The Mike Adams Case and Why It Matters


By Greg Lukianoff and Ari Cohn

The Foundation for Individual Rights in Education (FIRE) receives countless requests from professors claiming that they’ve suffered in hiring and promotion because of their political or personal viewpoints. These cases are notoriously hard to prove and to win–and that’s why University of North Carolina-Wilmington professor Dr. Mike Adams’ court victory this month is so important.

FIRE first became acquainted with Adams in 2001, when he came to us for help after UNCW conducted an egregiously misguided investigation of his personal email. The university launched the investigation after he criticized a student who, just days after the attacks, mass-emailed a missive sympathetic to the 9/11 terrorists. Despite this ordeal, Adams carried on at UNCW, performing at a high level. He continued to publish in peer-reviewed journals, amassing 11 publications in 12 years, and he had won multiple “Faculty Member of the Year” awards.

Turning Against a Conservative Professor

Simultaneously, Adams became a prominent conservative firebrand, writing national columns on social, political, and academic issues for outlets such as In that vein, Adams authored Welcome to the Ivory Tower of Babel: Confessions of a Conservative College Professor, which served up an unapologetically partisan critique of the academy based on his personal experiences. Unsurprisingly, many colleagues, administrators, and donors had strongly negative reactions to Adams’ outspoken beliefs.

In 2006, Adams applied for a promotion to full professor. In assembling his application for consideration, Adams supplemented his scholarly writing with his external work as a columnist, his published books, and his radio and television appearances.

Adams’ application for promotion was denied, and he was given no explanation of the reasoning. When pressed, the department chair provided several varying, unsatisfying explanations about vague concerns regarding the strength of his record of scholarly publication. Suspicious that negative reactions to his outspoken public persona were really the reason, Adams filed a lawsuit in 2007 alleging that UNCW had unconstitutionally retaliated against him for exercising his First Amendment rights.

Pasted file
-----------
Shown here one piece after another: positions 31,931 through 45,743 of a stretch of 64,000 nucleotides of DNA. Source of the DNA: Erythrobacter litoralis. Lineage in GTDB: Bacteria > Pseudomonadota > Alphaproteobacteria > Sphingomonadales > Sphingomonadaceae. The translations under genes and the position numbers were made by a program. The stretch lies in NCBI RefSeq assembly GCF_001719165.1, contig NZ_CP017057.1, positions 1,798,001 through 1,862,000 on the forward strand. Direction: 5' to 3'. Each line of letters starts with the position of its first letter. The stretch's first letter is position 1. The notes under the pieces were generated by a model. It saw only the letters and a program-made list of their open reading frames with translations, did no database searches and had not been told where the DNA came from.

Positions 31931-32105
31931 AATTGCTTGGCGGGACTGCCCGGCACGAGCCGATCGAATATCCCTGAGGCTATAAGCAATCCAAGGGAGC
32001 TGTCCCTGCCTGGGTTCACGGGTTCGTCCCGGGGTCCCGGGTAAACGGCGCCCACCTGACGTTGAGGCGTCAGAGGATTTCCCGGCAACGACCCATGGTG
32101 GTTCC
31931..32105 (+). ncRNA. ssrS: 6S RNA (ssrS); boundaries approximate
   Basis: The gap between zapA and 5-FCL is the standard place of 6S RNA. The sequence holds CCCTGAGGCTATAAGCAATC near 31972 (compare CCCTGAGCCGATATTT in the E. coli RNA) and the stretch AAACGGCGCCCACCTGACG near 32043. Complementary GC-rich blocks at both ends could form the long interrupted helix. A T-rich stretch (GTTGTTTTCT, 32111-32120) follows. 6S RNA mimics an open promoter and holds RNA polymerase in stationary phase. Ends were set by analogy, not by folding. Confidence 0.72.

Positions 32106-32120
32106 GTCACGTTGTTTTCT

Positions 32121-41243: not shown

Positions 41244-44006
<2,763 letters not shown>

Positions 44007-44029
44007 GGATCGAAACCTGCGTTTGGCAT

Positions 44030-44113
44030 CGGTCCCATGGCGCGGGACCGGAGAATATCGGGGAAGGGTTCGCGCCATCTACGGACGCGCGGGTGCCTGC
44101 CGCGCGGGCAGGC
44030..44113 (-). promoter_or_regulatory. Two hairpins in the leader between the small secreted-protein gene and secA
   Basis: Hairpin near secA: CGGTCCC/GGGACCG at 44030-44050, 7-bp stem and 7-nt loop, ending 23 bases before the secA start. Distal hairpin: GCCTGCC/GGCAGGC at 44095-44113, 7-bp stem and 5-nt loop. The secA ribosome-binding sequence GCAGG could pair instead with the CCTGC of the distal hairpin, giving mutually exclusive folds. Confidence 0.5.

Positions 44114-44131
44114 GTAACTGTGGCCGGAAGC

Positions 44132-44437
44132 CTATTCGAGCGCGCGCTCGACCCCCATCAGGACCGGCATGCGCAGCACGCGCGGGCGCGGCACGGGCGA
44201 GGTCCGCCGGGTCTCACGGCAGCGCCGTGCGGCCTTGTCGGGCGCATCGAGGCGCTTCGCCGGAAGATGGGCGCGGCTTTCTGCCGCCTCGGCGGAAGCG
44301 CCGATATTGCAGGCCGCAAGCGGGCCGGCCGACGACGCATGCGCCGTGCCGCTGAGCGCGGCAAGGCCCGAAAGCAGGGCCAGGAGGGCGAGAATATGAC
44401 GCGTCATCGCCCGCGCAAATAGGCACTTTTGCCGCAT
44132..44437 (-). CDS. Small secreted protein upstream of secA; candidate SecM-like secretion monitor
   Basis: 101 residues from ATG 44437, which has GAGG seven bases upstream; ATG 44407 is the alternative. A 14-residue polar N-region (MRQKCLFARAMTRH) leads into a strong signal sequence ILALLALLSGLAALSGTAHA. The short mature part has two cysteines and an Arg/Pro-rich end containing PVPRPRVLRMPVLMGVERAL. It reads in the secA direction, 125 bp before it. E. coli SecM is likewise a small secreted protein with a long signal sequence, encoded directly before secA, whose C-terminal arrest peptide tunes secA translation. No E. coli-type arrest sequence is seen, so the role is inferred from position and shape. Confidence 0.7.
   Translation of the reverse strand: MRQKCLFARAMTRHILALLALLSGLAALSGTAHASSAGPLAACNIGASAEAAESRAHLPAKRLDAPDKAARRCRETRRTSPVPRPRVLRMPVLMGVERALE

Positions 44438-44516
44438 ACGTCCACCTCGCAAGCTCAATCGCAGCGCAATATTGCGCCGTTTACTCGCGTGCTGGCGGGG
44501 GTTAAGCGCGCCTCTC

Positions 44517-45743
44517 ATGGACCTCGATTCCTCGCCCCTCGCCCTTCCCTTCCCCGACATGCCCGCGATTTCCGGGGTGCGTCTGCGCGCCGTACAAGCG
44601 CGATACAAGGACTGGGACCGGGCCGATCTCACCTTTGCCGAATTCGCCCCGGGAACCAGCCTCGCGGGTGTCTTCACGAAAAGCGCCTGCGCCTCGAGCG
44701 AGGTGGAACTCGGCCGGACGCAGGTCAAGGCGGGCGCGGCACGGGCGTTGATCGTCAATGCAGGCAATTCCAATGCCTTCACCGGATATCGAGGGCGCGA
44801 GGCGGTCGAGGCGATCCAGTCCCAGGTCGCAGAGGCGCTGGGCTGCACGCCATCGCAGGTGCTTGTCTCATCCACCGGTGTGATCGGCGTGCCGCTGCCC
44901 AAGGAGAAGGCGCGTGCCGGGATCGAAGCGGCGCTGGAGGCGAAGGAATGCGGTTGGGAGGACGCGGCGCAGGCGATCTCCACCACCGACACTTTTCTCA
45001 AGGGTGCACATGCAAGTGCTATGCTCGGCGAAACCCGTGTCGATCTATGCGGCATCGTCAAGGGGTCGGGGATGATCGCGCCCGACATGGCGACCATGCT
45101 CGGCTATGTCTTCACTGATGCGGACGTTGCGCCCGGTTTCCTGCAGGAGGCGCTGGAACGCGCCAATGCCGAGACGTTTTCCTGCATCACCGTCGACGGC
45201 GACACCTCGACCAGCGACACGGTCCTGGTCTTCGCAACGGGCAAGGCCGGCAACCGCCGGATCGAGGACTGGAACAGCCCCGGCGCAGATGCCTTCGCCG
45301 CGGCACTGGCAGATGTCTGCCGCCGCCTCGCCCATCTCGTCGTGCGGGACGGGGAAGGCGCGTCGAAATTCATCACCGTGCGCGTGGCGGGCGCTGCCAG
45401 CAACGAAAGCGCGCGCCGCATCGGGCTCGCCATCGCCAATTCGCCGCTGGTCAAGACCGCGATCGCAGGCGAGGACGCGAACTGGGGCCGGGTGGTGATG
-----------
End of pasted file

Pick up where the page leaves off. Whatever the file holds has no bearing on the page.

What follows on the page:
Looking for the Smoking Gun

Many of us at FIRE were initially worried about Adams’ chances. We weren’t skeptical that UNCW had, in denying his promotion, once again trampled on his constitutionally protected speech rights. That was all too believable. But we had seen time and again that such allegations can be difficult to prove. In order to succeed, Adams would have to prove that disfavor for his viewpoint was a substantial factor in the decision to deny his promotion–and administrators are of course careful not to admit outright that they are basing their decision on the professor’s views. Instead, the retaliatory action is typically couched in subjective judgments of “collegiality,” like in the attempt to deny Professor KC Johnson promotion at Brooklyn College in 2002.

Rarely is the evidence as clear as it was, for example, in the 2006 case of Professor Stephen Kershnar at the State University of New York-Fredonia. Like Adams, Kershnar performed at a high level, securing numerous publications and winning awards for his teaching. Also like Adams, Kershnar was outspoken, often criticizing policies and practices at SUNY Fredonia in columns in the local paper. Kershnar’s promotion to full professor was blocked by SUNY Fredonia President Dennis Hefner, who made no attempt to disguise the fact that he did so because he believed Kershnar had “impugned the reputation of SUNY Fredonia.” Within the FIRE office, we referred to that signed letter from the president explicitly admitting to the viewpoint discrimination as the smokiest smoking gun we’d ever seen in a promotions case.

Adams did not have the benefit of a letter outlining the content of his speech as the explicit reason for denial of his promotion application. In fact, Adams’ department chair did everything she could to put as little of her reasoning in writing as possible. As the federal district court detailed in its 2010 order granting the defendants’ motion for summary judgment, concerns about his columns (expressly noting their “offensiveness”) were couched in phrases that sought to convey a vague legitimacy, such as “not demonstrat[ing] a cumulative tangible pattern of expertise.” Adams’ record of service to the school and profession were simply deemed “insufficient.” Without a smoking gun, such slippery reasons for denying promotion are difficult to disprove, presenting a major hurdle for professors, like Adams, who allege viewpoint discrimination.